But I'm not worried about all the macroeconomic problems. My thoughts are on the basics. Give us land, give us special economic zones. I have said this many times. But somehow our words are lost in the bureaucracy. Now I don't understand why I have to pay 20 per cent tax for technology transfer. It has to go.
Now is the right time to do these things. Because before Covid, big foreign buyers like Adidas didn't even need to reply to our emails. But now they are showing a lot of interest. Because they don't want to put all the eggs in one basket. So far, all their eggs have been in the basket of China and Vietnam. Now they are shaken up because of Covid. So they are looking for new places.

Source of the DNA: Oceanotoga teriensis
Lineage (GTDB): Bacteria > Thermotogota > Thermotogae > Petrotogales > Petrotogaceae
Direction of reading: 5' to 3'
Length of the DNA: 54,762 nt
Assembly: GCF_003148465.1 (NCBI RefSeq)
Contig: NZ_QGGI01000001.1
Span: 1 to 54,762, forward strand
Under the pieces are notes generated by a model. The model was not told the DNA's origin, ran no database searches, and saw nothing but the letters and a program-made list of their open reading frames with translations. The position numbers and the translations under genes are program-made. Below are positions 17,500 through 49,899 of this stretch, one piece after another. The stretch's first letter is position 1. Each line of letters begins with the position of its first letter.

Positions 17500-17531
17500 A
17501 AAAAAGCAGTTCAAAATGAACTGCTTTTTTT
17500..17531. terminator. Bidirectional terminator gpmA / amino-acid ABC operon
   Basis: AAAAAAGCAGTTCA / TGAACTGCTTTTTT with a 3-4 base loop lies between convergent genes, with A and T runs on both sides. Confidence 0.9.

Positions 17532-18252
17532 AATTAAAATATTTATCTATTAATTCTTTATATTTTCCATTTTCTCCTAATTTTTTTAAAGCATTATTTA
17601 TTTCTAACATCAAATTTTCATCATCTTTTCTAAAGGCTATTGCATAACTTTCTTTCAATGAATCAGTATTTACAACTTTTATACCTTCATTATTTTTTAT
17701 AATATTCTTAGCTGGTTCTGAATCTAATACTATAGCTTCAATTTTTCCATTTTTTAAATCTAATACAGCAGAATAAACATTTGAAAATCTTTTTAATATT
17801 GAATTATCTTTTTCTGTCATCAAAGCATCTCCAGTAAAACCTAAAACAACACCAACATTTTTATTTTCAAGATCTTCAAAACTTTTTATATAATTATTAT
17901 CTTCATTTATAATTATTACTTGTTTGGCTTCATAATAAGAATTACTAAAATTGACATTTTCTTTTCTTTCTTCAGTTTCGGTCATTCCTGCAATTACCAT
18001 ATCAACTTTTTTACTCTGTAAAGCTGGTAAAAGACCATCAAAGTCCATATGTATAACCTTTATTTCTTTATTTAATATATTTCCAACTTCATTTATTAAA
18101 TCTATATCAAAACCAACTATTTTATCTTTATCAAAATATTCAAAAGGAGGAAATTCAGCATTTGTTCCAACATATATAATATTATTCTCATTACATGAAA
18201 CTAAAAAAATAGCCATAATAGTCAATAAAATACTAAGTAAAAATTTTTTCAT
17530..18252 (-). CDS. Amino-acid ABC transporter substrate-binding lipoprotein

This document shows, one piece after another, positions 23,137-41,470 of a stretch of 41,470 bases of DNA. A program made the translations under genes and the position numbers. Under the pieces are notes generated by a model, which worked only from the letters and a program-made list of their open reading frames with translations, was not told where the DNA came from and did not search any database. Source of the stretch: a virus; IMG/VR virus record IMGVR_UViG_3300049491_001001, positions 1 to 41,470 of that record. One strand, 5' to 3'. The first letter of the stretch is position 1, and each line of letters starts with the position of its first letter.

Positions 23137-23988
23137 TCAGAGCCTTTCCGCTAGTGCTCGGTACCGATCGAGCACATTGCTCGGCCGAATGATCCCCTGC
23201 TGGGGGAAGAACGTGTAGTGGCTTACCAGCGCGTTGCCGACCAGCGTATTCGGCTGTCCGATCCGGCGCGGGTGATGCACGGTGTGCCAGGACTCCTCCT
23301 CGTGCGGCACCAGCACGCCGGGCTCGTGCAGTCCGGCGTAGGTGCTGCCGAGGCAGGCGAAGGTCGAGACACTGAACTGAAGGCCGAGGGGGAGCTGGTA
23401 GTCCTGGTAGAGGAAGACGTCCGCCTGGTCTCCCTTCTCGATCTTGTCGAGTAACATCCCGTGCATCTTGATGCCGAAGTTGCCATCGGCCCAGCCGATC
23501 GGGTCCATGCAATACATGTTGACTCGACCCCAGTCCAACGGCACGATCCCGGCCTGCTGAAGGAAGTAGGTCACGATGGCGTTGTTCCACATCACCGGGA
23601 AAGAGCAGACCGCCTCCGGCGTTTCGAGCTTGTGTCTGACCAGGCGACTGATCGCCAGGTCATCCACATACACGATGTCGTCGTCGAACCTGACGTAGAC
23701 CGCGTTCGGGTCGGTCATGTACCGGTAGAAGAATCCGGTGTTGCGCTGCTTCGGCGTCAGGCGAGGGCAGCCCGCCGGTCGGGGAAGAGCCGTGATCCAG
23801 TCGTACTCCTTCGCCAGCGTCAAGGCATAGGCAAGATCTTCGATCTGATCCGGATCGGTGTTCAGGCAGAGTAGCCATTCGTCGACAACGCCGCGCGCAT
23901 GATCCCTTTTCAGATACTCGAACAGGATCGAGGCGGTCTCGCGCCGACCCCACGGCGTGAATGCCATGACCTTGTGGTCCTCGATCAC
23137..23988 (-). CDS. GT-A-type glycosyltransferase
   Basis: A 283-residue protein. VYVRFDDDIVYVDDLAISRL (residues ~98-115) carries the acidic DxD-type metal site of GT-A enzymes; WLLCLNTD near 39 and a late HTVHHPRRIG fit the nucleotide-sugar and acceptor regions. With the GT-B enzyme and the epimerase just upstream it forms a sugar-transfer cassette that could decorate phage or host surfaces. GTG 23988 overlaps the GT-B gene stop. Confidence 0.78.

So now is the time to create the environment. So let them come. Technology will come with them. Employment will be created. Life will be much simpler. Thank you very much.
Disclaimer: A discussion meeting titled 'LDC Graduation of Bangladesh: Transformation and Preparedness' was jointly organised by the Ministry of Commerce and Dhaka Chamber of Commerce and Industries on Thursday. Syed Manzur Elahi, former advisor to the caretaker government, a leading businessman and the chairman of the Apex Group, spoke at the event. His speech is published for the readers of The Business Standard.